EPA Announces Rules to Cut Methane Emissions

oil well
Oil Well (Wikipedia)

The Environmental Protection Agency (EPA) announced some new rules last week designed to cut the amount of methane gas released into the atmosphere as a byproduct of oil drilling operations. Methane is a greenhouse gas that’s being blamed for about 25% of the ongoing manmade global warming. The new rules are part of the Obama administration’s efforts to significantly cut greenhouse gas emissions in the U.S.

The EPA estimates the proposed rules would reduce methane emissions by 340,000 to 400,000 short tons by 2025, the equivalent of reducing the amount of carbon dioxide in the atmosphere by 7.7 to 9 million metric tons. The agency estimates the cost to implement the rules would be about $420 million, but the benefits to the economy would exceed that amount by about $120 to $150 million.

The oil industry, of course, immediately criticized the rules, even though they would only apply to new drilling operations. The American Petroleum Institute complained that the new rules would be “duplicative, costly, and undermine America’s competitiveness.”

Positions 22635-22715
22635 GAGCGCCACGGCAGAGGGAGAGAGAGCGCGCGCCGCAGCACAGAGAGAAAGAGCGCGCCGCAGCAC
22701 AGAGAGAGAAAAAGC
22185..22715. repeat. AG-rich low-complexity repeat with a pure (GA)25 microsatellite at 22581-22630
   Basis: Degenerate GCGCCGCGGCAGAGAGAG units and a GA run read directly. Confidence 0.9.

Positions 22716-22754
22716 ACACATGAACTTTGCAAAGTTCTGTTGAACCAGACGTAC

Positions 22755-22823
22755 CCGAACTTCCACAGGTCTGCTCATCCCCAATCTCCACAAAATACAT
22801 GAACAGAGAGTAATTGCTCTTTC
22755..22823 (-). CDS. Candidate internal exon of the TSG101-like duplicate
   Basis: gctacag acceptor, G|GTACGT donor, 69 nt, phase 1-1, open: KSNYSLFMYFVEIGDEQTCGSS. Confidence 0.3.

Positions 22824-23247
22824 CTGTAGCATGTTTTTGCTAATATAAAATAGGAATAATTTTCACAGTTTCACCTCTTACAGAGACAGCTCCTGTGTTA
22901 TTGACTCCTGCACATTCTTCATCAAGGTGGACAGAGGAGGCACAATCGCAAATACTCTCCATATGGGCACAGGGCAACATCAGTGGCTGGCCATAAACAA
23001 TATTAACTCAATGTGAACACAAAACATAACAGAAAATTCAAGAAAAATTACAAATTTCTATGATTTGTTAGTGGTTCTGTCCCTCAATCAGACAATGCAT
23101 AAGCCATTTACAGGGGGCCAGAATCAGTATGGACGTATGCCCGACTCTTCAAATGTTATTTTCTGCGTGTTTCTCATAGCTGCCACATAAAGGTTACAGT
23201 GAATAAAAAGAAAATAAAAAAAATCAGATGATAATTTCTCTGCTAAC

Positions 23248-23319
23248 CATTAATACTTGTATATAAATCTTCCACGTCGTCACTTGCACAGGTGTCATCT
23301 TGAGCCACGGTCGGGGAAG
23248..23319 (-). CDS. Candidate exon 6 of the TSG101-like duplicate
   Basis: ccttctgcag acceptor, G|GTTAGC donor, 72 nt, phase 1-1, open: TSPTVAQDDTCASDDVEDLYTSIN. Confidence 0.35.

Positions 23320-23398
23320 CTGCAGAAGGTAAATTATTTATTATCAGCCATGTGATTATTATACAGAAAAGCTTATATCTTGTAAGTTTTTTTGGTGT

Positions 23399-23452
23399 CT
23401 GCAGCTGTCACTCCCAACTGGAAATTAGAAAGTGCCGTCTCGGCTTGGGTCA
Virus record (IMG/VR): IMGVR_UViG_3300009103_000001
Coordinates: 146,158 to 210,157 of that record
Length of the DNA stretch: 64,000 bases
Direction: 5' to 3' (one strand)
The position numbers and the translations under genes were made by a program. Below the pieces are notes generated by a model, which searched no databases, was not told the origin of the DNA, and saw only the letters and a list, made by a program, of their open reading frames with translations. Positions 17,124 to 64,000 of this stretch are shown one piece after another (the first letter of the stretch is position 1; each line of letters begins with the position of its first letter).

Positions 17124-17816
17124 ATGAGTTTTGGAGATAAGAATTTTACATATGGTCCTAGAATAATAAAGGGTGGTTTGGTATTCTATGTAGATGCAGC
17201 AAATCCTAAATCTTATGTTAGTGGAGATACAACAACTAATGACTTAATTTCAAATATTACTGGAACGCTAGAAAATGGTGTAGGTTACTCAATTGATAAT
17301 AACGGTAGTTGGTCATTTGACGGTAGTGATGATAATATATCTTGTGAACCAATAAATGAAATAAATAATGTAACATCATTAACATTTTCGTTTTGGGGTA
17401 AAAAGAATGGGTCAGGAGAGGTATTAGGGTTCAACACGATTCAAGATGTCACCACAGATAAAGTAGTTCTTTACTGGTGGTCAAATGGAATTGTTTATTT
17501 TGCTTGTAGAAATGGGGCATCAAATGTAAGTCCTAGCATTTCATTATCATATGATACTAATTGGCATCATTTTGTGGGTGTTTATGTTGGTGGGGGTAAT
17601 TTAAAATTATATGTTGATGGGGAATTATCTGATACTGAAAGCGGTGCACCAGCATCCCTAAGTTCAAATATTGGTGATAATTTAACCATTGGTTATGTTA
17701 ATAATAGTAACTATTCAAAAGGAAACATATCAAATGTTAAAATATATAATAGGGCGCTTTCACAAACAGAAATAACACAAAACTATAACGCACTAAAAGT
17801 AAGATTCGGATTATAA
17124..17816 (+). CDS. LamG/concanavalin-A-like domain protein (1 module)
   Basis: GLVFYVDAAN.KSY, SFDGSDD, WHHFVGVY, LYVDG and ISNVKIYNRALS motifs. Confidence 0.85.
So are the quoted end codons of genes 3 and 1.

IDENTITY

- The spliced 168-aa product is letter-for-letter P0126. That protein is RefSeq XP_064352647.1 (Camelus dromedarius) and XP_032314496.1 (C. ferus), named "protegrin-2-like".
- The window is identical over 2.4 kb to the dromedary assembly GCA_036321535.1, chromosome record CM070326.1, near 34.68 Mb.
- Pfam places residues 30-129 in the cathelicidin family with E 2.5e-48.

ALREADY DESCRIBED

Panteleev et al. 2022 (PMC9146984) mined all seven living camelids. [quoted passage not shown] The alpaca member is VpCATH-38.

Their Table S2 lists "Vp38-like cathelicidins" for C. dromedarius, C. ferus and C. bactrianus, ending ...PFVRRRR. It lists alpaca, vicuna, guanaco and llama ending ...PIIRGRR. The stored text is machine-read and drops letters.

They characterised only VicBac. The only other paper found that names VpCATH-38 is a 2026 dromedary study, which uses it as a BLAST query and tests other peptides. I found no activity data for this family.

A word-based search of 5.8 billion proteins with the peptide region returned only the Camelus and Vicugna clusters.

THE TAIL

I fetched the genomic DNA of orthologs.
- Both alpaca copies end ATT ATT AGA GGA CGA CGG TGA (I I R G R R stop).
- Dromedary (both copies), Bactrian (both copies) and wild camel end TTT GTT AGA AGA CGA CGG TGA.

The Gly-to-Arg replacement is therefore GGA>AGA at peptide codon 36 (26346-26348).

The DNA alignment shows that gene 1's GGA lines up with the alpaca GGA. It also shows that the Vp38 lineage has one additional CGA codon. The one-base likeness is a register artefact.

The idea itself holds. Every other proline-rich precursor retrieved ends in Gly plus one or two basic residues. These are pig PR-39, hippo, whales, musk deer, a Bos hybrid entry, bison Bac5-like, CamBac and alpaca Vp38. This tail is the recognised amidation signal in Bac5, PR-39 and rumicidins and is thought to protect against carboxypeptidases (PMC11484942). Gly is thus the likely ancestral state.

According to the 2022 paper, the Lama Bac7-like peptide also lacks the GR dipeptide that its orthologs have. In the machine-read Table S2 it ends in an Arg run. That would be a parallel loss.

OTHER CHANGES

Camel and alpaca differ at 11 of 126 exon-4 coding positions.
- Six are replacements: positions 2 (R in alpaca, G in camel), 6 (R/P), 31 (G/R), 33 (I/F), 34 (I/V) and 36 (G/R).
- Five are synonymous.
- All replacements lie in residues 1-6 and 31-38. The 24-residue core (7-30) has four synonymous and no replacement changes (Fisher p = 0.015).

The Republican National Committee (RNC) also weighed in against the new methane rules, but in an unexpected manner. “We are concerned that restrictions on methane gas emissions might be extended beyond new oil drilling operations,” said RNC spokesperson Kirsty Kookorian. “If they become widespread, it could make it very difficult for us to conduct Republican presidential candidate debates.”


On September 10, 2018, it was reported that the Donald Trump administration plans to propose to eliminate regulations that limit methane emissions from oil and natural gas wells.

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